The past week has been a very difficult time for NWA, especially for all of you who have been dealing directly with our customers, who are understandably frustrated. I am particularly grateful to our ground personnel, reservations agents, pilots and flight attendants who have been working hard every day during this challenging period. Thank you for your professionalism, hard work and commitment to meeting our customers’ needs.

Please be assured that we are taking every measure to resolve the problem and return Northwest to normal operations. To accomplish this, we all must continue the commitment we have shown during our 20 months of restructuring and remain focused on our shared goal of making Northwest one of the world’s most successful airlines.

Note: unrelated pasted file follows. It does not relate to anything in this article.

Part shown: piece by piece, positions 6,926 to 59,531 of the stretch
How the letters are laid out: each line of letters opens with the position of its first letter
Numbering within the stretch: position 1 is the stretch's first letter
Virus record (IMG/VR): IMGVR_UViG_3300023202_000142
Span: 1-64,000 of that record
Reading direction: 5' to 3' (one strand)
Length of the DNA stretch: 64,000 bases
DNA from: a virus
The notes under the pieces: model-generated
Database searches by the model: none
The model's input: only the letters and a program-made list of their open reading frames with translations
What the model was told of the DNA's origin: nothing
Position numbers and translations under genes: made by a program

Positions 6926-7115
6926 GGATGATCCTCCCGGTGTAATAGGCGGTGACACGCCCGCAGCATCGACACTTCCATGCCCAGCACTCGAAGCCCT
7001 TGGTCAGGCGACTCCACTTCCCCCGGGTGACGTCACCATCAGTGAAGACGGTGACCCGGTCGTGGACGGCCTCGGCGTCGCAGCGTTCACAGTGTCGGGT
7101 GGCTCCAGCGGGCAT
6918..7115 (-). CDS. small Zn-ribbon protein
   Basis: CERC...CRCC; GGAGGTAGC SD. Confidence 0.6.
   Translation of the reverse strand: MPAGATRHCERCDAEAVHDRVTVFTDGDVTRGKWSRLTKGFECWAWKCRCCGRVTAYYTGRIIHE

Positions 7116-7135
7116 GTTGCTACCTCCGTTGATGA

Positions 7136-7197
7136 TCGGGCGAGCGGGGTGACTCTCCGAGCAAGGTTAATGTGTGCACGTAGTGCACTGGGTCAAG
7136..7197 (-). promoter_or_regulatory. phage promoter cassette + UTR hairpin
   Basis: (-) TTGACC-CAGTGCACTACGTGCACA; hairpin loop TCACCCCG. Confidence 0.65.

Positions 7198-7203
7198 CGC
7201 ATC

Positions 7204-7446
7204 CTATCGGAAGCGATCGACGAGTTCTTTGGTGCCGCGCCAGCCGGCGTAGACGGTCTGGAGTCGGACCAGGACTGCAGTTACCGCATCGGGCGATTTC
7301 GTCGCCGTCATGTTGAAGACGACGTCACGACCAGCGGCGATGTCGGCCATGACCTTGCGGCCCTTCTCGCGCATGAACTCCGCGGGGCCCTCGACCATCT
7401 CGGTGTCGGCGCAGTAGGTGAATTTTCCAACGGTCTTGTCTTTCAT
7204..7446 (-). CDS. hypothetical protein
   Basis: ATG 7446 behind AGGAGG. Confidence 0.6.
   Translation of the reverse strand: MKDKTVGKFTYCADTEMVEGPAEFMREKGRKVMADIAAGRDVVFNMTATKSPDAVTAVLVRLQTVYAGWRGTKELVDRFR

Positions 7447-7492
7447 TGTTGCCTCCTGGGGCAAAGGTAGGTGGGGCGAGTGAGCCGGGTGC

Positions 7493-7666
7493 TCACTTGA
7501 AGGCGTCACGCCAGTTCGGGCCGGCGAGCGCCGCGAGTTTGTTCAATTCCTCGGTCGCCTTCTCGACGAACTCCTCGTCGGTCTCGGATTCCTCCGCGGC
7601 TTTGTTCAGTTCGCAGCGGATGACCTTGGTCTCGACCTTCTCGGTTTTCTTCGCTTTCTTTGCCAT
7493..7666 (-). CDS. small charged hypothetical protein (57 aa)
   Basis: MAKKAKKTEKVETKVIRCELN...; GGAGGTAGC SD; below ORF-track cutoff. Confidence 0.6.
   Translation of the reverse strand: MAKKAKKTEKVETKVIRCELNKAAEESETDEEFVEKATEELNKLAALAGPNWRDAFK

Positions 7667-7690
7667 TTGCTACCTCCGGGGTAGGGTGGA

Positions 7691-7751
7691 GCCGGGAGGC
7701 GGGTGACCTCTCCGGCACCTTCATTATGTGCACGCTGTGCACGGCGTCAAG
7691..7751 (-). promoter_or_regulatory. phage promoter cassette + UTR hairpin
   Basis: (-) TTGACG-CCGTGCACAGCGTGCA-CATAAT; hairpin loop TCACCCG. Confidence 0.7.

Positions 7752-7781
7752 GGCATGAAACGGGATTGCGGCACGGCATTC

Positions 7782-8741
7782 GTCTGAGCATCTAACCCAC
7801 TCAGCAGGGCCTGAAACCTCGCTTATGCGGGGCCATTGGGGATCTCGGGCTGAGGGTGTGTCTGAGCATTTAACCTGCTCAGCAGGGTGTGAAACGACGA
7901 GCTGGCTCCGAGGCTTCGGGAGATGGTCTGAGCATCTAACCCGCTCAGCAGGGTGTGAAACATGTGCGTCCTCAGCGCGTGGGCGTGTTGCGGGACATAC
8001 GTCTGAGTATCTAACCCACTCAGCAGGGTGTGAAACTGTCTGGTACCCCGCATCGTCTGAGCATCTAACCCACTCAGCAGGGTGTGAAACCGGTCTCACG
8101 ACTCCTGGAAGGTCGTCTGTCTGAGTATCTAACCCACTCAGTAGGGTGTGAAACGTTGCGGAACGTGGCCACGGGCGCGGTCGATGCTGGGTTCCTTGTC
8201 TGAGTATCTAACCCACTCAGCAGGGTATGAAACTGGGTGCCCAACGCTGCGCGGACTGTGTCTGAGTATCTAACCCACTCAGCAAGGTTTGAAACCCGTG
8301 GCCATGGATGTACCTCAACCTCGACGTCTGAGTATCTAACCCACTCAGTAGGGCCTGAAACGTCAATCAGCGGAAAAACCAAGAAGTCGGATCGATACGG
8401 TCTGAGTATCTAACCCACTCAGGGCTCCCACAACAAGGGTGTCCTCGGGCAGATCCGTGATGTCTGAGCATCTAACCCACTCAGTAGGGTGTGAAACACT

Doug Steenland

M-kayyy... "co-worker?" Who the hell are we kidding? Steenland is the bully that stole other kids' lunch money in grade school. Besides, any CEO worth their salt would have anticipated this backlash from the pilots because the "coworkers" are tired of getting shafted so this bastard can take all the marbles. His initiatives are at best a Band-Aid. The fact is, he's changing work rules to further "punish" the pilots for not cooperating and laughing all the way to the bank.

That's OK, I guess. We'll cope. Someday, he'll be living in hell with "W," Prick Cheney, and BOBOB, Ann Coulter.